Alenia Aermacchi reported the successful completion of the flight-test phase in Italy of the pan-European Unmanned Combat Air Vehicle (UCAV) demonstrator. The company said that “12 highly sensitive sorties to verify the radar cross section (RCS) and infrared signature” had taken place from Decimomannu airbase in Sardinia. The single Neuron air vehicle is now undertaking further RCS flight tests in Sweden, plus the dropping of GPS-guided bombs on the Vidsel range.
The Italian sorties were flown at different altitudes and flight profiles against both ground and airborne radars, the latter being the Captor mechanically scanned unit carried by the Eurofighter Typhoon. Alenia Aermacchi noted that its contribution to the Neuron program includes the electrical generation and distribution system; the air data system with its innovative stealth characteristics; low-observability components; and the smart integrated weapons bay (SWIB). The Italian company noted that the SWIB system “allows for the automatic detection and recognition of the target in stealth mode and enables the sending of an attack approval request to the ground station commander before the launching of weapons.”
The Neuron previously completed 100 test flights from Istres airbase in France. About 20 sorties are planned in Sweden, and these will conclude the flight-test campaign. However, Eric Trappier, CEO of Dassault Aviation, the Neuron industrial lead company, told journalists last June that he was talking to the French government about more funding to extend the program.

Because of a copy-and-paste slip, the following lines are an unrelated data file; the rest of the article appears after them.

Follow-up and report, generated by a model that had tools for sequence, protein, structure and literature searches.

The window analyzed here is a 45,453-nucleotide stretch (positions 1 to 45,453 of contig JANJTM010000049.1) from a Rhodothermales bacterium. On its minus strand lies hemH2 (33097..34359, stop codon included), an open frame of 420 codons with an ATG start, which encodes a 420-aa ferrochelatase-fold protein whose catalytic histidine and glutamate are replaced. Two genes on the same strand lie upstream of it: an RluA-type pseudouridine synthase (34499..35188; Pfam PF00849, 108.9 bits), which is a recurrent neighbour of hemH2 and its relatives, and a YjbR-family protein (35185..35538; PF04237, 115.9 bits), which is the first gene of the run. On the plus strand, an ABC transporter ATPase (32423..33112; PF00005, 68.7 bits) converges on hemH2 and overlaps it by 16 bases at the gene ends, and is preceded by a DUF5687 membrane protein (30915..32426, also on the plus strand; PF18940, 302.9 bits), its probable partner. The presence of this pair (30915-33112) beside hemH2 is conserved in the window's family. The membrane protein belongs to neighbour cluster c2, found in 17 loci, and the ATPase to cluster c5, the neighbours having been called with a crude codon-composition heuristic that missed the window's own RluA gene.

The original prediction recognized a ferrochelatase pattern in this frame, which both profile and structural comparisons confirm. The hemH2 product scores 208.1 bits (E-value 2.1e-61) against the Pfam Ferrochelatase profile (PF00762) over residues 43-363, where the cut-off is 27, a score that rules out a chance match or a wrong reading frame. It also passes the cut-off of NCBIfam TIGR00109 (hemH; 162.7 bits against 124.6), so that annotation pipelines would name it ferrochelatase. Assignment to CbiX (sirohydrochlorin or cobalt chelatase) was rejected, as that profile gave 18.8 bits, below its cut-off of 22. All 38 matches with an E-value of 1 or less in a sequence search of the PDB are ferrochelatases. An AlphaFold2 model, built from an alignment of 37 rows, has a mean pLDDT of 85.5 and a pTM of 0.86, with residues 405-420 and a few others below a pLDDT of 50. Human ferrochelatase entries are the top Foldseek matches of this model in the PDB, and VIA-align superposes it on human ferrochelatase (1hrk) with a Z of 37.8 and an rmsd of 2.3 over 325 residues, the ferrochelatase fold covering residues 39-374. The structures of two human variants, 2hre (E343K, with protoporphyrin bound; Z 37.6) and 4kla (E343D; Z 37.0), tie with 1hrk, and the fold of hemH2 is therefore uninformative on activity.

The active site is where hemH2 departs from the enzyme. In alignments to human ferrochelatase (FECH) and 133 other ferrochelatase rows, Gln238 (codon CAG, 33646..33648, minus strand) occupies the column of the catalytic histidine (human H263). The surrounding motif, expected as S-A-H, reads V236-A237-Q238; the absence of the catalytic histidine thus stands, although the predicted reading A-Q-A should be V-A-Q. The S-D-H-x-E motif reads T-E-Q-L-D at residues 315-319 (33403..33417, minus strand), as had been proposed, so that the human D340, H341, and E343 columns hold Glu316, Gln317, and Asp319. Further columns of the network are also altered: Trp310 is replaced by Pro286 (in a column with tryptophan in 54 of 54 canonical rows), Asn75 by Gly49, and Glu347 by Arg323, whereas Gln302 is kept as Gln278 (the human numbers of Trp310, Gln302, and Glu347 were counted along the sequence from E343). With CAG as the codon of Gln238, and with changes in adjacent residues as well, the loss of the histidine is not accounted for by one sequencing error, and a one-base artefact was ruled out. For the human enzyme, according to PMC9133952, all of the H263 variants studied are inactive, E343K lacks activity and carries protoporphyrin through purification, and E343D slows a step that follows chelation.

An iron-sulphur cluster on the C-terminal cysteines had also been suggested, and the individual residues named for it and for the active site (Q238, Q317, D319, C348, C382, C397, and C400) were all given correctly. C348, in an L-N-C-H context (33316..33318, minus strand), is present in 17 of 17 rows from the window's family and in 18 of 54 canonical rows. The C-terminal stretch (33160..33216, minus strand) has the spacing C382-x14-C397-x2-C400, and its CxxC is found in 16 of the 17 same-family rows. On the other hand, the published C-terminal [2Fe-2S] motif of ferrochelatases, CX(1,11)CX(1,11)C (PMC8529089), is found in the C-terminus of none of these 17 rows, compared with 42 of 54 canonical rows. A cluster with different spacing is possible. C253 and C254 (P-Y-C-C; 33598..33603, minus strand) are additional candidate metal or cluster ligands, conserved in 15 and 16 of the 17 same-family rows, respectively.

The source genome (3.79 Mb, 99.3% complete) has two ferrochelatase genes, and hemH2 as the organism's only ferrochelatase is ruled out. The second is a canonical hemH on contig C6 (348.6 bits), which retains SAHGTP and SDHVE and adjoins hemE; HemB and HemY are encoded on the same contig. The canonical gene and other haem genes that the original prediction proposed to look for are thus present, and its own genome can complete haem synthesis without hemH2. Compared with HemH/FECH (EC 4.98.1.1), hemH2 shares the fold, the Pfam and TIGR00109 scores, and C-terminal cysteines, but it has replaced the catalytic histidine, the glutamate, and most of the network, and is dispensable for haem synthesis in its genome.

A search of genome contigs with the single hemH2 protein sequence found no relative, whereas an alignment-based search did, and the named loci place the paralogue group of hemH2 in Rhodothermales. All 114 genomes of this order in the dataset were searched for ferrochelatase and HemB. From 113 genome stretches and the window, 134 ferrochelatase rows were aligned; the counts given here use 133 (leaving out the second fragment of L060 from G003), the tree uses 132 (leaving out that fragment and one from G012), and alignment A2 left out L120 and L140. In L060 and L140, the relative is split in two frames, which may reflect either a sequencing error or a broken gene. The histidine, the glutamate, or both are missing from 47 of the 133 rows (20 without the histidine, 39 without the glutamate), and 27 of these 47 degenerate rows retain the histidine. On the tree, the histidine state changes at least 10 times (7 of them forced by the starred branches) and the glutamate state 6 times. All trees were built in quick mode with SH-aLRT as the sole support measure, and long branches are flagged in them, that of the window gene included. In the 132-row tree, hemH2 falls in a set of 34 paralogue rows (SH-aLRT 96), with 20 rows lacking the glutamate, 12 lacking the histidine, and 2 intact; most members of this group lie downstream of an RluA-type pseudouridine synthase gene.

Alenia Aermacchi said the Neuron program is “mitigating the level of risk of future UAS investments in Europe and moving toward systems’ development for operation uses.” However, of the six European airframers participating in the Neuron program, only Dassault is involved in a follow-on UCAV effort. This is the Anglo-French Future Combat Air Systems (FCAS) program, in which BAE Systems and Dassault are studying the feasibility, characteristics and cost of an operational UCAV. The contract was signed last October and runs for two years. In June, Trappier said that “the natural next step is with the British” but also expressed concerns to AIN about future British commitment beyond the FCAS study phase.
Meanwhile, the UK government remains tight-lipped about progress with the current all-British Taranis UCAV demonstration program. The last media briefing was 13 months ago, at the Farnborough International air show in July 2014. A BAE spokesperson told AIN, “We are continuing to gather data and complete additional test points. Successful completion of this program proves the UK’s industrial capability to design and develop an unmanned, stealthy combat aircraft. This puts the UK in a strong position should we wish to enter into an international collaboration, by demonstrating a genuine UCAS design, development and manufacturing capability. We are in discussion with the MoD about the next stage of testing for the aircraft, including any further flight trials.”